The Knowing that Burns Like Fire and The Torch Test

The Knowing That Burns Like Fire
by John Baker
Choloka took her son out of the circle of huts and onto the savanna. The day was bright, the wind brisk, and the grasses eaten low by antelope. The savanna stretched so far, yet seemed to Choloka‚Äôs sight that she could almost see the other side. “Chakan,” she cried. “Look across the land! See how much there is, and how much can be shared with everyone and everything. Tell me, if you had to hide, where would you hide?”
Chakan beamed with pride. Though scarcely 14 years, he had already played many a game of thoughts with his mother and saw this as another challenge. He scanned the horizon, looking for any place that might suggest more cover than a few low grasses. After a time, he grew frustrated as he tried to find a suitable spot.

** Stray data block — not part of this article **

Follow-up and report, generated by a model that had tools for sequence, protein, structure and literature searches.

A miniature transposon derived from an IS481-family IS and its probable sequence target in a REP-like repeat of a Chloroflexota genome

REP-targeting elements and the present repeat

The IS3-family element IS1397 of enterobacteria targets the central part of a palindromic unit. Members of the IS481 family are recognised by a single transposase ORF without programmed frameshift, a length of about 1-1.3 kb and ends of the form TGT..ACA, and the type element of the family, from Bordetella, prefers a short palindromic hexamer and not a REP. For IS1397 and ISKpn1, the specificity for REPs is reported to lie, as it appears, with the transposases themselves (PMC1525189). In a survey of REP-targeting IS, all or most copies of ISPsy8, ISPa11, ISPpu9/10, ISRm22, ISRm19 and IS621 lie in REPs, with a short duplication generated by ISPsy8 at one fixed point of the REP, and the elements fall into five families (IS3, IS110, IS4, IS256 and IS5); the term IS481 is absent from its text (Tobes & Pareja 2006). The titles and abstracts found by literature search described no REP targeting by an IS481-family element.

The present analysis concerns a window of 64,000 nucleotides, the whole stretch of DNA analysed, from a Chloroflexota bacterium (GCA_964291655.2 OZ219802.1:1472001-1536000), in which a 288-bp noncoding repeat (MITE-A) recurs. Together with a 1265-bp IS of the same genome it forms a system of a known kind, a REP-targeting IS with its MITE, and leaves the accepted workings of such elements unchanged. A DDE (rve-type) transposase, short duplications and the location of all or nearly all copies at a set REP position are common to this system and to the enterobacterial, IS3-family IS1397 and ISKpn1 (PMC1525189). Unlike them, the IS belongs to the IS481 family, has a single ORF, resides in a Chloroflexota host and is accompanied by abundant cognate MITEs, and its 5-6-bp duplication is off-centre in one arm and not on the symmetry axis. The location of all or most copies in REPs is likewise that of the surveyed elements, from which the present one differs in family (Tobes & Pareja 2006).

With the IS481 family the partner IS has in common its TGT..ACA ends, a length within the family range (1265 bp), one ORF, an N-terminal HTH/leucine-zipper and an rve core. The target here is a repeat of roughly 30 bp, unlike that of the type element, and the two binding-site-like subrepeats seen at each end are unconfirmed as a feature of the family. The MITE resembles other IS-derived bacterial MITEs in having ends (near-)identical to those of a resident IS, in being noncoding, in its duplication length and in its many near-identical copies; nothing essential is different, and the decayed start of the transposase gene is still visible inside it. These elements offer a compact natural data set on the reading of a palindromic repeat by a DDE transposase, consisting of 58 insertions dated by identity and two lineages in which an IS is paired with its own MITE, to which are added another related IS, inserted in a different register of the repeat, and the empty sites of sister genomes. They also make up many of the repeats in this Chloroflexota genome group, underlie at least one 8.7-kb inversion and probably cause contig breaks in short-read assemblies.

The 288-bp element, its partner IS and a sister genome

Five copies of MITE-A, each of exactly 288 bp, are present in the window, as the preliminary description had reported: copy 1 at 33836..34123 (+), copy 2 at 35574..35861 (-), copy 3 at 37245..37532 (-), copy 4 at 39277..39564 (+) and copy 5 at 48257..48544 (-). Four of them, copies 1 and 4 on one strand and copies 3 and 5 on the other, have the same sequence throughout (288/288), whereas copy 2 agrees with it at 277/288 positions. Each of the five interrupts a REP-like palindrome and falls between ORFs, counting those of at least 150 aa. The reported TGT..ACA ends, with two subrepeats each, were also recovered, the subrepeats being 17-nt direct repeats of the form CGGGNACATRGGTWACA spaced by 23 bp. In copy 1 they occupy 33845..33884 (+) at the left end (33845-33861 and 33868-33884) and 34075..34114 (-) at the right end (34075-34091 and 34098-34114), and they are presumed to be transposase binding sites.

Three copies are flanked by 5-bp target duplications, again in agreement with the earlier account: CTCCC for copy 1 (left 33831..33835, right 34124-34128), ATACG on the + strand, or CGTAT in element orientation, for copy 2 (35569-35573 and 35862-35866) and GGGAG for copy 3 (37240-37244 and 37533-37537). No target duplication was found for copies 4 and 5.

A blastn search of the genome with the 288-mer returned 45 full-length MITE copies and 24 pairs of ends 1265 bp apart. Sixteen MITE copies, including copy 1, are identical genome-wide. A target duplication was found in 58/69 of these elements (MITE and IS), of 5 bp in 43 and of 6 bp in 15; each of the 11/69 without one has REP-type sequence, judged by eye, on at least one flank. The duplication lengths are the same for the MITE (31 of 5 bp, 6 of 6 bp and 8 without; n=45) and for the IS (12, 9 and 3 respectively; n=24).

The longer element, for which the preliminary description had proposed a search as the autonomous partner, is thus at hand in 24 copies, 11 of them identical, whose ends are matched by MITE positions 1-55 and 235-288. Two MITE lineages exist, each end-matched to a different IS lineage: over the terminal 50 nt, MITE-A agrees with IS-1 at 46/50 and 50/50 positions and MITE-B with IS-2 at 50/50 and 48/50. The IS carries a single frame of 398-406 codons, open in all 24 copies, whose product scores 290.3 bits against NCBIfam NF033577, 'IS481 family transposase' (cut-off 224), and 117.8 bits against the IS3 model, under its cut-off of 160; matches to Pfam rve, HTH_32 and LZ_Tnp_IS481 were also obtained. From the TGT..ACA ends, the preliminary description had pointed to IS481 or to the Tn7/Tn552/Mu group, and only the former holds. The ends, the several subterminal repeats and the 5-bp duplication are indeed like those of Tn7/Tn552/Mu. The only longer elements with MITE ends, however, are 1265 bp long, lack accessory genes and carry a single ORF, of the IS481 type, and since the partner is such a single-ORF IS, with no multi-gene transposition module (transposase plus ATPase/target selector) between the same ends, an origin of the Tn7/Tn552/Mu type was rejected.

Choloka sensed her son’s trouble. “You cannot find one, can you? That is right. However, we, the Wise Ones, do not need to hide. We are not bothered by the fact that our enemies can see us, for our friends can see us, too. If we can be seen, we can be helped.” Choloka paused while her son considered what she had said, then continued, “I have another question for you, Chakan. If I give you a fire, must I lose my fire?”
Chakan grinned. This one was easy, and was commonly spoken among the tribe. “No, if I first give you a torch. As long as I give you a torch, then we can both have fire.”
Choloka nodded solemnly. “Yes, fire can be given without loss. I have brought you out here to tell you about our people. It is time you learned about the most important taboo of the Wise Ones, Chakan. It is about a thing that others call a ‘secret.’ Have you ever heard of a secret?”
Chakan looked excited. Another chance to learn! “No. What is a secret?”
Choloka looked grimly into Chakan’s face. “A secret is a very bad thing. It is knowledge that one person knows that another does not.”
“But,” protested Chakan, “that cannot be so bad. I do not know how to make medicine, but Arkala does, and that is good.”
Choloka chuckled. Her son is very quick with his mind. “Yes, but if you ask Arkala, you would learn from him. A secret is kept hidden from others, so that one person makes sure that others do not know it.”